Momentum will never slow down. There is always something going on, more things—clues showing up. A good mystery will always trump what the reader is suspecting. As the story goes along, new things will appear that will challenge the reader’s thoughts of the cause of the problem. The goal is to lead the reader astray as best as possible.

Third, resolvability.

Like all stories, there has to be an end. The mystery has to have a resolution and all the questions have to be answered. It is best to map out a story before you begin writing it down. Decide who the main characters will be, the problem, and the questions that will come up. It even helps to have the resolution set—know how the problem will be solved and how that will play out. Of course as you write, things can change, alterations can be made, but at least you will be guaranteed that the mystery can and will be solved.

  • Make sure all questions to the problem can be answered or explained.

If there was a suspicious character but in the end they were not the culprit, make sure whatever suspicions that were placed on the character are defended. Maybe the suspicious character was in the wrong place at the wrong time. It is also important to note that if the mystery involves a culprit being the source of the problem, introduce them early in the story. Don’t make it obvious that it’s them, but reveal their existence to the reader.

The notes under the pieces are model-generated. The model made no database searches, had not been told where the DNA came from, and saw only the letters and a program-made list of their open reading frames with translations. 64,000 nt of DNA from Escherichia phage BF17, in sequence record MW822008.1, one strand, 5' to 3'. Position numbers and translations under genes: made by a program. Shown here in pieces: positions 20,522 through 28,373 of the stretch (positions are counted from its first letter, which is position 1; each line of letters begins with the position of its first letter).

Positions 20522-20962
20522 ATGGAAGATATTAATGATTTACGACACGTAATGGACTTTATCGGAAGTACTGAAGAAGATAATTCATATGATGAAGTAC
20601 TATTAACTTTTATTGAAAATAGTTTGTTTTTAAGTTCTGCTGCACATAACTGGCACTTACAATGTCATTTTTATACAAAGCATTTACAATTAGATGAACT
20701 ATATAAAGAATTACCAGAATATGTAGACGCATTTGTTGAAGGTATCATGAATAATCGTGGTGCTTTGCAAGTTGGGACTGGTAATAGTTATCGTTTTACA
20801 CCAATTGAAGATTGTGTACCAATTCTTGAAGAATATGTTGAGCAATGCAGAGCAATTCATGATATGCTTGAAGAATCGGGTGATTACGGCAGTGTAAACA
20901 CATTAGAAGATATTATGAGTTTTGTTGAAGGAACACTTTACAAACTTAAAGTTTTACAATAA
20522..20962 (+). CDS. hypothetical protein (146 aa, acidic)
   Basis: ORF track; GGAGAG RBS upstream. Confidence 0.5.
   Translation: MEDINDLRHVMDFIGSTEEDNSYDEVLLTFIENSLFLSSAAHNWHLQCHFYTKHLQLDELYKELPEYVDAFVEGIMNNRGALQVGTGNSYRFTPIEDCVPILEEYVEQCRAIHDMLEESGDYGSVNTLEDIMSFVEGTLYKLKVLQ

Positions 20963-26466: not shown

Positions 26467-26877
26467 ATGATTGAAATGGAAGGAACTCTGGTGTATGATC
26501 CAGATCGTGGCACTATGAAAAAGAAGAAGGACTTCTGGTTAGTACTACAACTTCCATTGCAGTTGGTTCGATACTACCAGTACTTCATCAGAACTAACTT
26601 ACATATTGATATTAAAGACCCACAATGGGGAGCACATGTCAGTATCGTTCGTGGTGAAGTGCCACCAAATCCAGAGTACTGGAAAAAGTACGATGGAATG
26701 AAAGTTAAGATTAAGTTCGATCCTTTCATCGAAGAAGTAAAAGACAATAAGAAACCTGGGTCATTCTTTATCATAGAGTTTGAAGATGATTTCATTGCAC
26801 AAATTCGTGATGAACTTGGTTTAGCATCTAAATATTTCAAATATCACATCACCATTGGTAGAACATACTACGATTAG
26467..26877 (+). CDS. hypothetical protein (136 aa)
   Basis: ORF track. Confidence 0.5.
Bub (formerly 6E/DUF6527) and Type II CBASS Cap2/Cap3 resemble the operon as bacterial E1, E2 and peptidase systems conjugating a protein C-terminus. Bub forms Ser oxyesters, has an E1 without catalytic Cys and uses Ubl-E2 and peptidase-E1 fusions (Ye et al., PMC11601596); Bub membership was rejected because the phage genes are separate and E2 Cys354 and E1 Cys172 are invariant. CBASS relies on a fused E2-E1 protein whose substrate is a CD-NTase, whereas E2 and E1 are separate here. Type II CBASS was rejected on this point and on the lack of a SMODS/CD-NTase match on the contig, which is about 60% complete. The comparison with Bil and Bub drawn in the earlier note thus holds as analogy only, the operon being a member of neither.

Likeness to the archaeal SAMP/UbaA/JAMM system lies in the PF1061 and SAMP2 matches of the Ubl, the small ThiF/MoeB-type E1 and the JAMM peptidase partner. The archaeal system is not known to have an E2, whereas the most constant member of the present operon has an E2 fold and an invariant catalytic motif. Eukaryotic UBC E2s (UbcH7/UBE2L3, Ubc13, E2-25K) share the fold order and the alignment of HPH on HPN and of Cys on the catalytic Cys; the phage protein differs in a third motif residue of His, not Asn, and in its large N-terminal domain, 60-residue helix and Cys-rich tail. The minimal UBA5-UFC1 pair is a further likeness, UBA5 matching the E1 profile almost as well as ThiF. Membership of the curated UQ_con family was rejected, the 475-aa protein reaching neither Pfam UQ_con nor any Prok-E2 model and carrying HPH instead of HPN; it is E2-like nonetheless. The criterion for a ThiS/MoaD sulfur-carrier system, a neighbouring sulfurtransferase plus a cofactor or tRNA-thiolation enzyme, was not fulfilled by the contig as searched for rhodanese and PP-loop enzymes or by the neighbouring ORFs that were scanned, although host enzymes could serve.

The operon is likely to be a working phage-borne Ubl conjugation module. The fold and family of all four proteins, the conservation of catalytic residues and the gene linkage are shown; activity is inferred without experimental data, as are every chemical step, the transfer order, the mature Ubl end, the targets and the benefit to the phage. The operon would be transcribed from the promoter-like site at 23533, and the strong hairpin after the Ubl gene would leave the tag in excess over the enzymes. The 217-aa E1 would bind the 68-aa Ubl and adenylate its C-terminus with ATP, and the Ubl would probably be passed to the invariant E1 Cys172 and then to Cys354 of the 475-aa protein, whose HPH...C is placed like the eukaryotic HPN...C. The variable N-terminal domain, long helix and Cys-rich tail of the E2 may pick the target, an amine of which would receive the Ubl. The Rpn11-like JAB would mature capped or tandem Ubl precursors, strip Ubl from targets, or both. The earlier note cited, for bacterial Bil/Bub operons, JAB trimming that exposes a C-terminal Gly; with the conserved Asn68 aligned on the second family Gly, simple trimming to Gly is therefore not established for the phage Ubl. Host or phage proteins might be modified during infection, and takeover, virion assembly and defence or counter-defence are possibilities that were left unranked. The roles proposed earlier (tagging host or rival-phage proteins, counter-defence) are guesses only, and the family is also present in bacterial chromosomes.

An example:

When money was dropped off to the administrators’ office, the busy administrator forgot to remove the money from the counter and lock it in a safe place. The friend walked in the office to pick up something and saw the money. The friend thought it was odd that money would be left unintended on the counter and took it, assuming it was left behind anyways. After extensive research and still no suspects, the friend realizes that the money he initially took was possibly the money the child was being suspected of keeping.